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A wonderland of sky, water, grass, and birdsong, the Iberá marshlands of Corrientes Province are the preeminent wildlife habitat in Argentina and an important natural treasure. One of the largest freshwater wetlands in South America, comprising more than 2.5 million acres, the Iberá was forged from ancient geological forces and the long-ago wanderings of the Paraná River. Today the landscape is a locus of conservation activity including a campaign to create a new national park to protect the parks unique biodiversity including marshlands with over 360 avian species, attracting birdwatchers from around the world.
A native son of Corrientes, world-class nature photographer Juan Ramón Díaz Colodrero has spent years documenting the region’s birdlife and other wild creatures. Dazzling images reflect the heart of the Iberá’s life-affirming beauty with supporting essays by leading regional conservationists and other experts illuminate the Iberá’s diverse natural communities and distinctive human culture. While the area is remarkably unspoiled, innovative conservation projects are augmenting wildlife populations and returning missing native species to their rightful homes in the landscape of shining waters. The Iberá presents a stark contrast to the modern world, a place where the trajectory of land health is moving toward integrity and wildness.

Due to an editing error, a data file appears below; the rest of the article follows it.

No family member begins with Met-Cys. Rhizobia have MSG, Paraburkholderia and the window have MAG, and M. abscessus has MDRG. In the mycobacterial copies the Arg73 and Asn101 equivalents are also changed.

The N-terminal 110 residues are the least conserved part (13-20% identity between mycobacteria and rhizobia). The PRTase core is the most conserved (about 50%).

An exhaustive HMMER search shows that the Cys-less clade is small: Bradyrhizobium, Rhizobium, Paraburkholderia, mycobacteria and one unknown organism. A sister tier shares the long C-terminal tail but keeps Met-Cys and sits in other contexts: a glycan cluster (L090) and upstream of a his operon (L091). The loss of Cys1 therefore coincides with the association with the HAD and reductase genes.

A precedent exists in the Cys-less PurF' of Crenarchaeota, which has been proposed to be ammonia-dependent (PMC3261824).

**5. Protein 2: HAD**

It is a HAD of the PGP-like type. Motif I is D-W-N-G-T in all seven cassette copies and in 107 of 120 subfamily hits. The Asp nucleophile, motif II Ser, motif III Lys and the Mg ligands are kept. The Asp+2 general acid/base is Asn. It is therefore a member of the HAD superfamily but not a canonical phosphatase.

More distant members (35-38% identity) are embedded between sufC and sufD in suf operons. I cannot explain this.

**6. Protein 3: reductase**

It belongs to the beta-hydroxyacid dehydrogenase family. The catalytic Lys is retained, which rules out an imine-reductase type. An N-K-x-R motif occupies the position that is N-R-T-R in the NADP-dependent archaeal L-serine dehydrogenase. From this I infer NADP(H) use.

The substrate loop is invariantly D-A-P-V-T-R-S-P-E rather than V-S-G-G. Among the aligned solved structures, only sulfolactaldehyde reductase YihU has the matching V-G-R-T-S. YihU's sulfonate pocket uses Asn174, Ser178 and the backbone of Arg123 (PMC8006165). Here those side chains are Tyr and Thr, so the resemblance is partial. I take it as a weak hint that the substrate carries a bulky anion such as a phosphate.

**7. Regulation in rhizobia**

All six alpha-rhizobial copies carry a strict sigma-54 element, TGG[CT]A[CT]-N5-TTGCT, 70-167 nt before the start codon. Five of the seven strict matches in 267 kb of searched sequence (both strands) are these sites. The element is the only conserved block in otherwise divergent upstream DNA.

Juan Ramon Diaz Colodrero uses his camera to get inside the magic world of nature and biodiversity, and thus contribute to the conservation of the natural beauties that the world holds. He has always been bound to nature, growing up in the wilderness, among trees, marshes and wildlife of Paraje Mora. Later, he moved to Europe, where he learned the art of wildlife photography from great photographers such as Juan Carlos Muñoz, Javier Sánchez and Eduardo Blanco. For the last two years, he has lived at the Iberá Wetlands, where he found nature in its most wild form. Currently, he provides guiding services, logistics, and accommodation at Iberá Wetlands.